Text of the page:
Necronomicon Files Banned in Texas Prisons

The Dallas Morning News just published a story on a lengthy list of permitted and banned books maintained by penal system in Texas. It features a searchable index of all the books that inmates are not allowed to own.

Being curious as to whether our friend Simon’s books are on it, I ran a quick search – only to find that The Necronomicon Files is on the list!  I’m guessing this is because of one particular piece of art in the book that includes nudity.  As it happens, so is my edition of The Long-Lost Friend

As for Simon? Texas really likes his works. You can check the downloadable list of permitted books in the spreadsheet just above the search box. The Necronomicon Spellbook is listed twice, and, depending upon how you interpret some of the vague entries, Simon’s Necronomicon has been approved between three and five different times.  Even though I don’t particularly care for Simon and his works, I think that he has a perfect right to have them appear.

Other approved works include those of friends of the blog Joshua Free and Kenneth Hite, as are the Call of Cthulhu and Delta Green RPGs. Oh, yes, and the Cthulhu Mythos Encyclopedia is free to own.

The list possesses some strange elements. First, some purely academic works on magic, such as Ankarloo and Clark’s Witchcraft and Magic in Europe series, and Seligmann’s Magic, Supernaturalism and Religion, aren’t on the list. Second, there are plenty of works on magic on the approved list – run a search for “magic” or “charm” in that spreadsheet – that are probably similar in content to the Friend.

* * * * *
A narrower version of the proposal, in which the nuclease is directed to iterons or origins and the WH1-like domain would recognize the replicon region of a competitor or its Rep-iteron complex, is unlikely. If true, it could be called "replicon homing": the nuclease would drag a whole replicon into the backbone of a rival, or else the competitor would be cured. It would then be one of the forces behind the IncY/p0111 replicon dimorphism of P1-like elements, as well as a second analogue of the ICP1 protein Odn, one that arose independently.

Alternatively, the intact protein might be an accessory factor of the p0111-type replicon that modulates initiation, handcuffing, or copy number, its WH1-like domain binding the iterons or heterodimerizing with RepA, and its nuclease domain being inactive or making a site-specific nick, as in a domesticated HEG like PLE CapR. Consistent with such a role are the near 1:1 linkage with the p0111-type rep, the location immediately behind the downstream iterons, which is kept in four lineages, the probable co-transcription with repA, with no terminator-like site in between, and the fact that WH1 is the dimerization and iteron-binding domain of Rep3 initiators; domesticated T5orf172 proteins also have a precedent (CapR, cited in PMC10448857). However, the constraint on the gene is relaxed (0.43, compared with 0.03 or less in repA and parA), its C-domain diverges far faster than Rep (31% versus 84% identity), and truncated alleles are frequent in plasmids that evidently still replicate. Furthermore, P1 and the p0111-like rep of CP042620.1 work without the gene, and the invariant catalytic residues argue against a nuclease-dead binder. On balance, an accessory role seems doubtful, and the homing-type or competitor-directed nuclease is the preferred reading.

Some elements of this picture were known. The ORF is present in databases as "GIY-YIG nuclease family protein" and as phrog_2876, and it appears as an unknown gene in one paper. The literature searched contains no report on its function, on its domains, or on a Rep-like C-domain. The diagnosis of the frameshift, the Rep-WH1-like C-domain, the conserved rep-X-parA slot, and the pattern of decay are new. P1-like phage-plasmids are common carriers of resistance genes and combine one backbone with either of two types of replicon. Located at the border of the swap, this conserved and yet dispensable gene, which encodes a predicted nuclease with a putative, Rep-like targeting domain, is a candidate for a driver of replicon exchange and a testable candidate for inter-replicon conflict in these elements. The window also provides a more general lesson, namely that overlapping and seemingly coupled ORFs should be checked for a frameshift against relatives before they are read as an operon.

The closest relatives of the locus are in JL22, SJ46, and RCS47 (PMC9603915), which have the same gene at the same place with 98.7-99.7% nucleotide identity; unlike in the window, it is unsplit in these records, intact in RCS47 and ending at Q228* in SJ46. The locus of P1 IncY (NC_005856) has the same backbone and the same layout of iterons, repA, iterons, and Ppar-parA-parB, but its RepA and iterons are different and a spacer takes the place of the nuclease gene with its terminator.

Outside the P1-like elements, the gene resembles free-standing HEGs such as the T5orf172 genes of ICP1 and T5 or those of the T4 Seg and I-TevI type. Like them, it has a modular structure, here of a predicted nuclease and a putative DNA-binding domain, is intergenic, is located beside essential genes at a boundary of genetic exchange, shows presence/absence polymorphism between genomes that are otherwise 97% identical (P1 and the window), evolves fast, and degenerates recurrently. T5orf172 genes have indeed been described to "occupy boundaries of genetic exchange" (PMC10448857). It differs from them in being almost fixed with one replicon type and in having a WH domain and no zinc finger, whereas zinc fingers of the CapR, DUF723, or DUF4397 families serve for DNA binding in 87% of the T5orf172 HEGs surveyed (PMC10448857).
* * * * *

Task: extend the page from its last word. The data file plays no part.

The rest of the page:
Oh yes – and Neo-Nazi and white supremacist works are perfectly fine.

The takeaway? Censorship is wrong, and its implementation leads people to make bizarre decisions, especially when it comes to works on the occult.

 

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Published in: on December 8, 2017 at 5:27 pm  Comments (1)  

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One CommentLeave a comment

  1. Fear it reflects Texan prison spirituality


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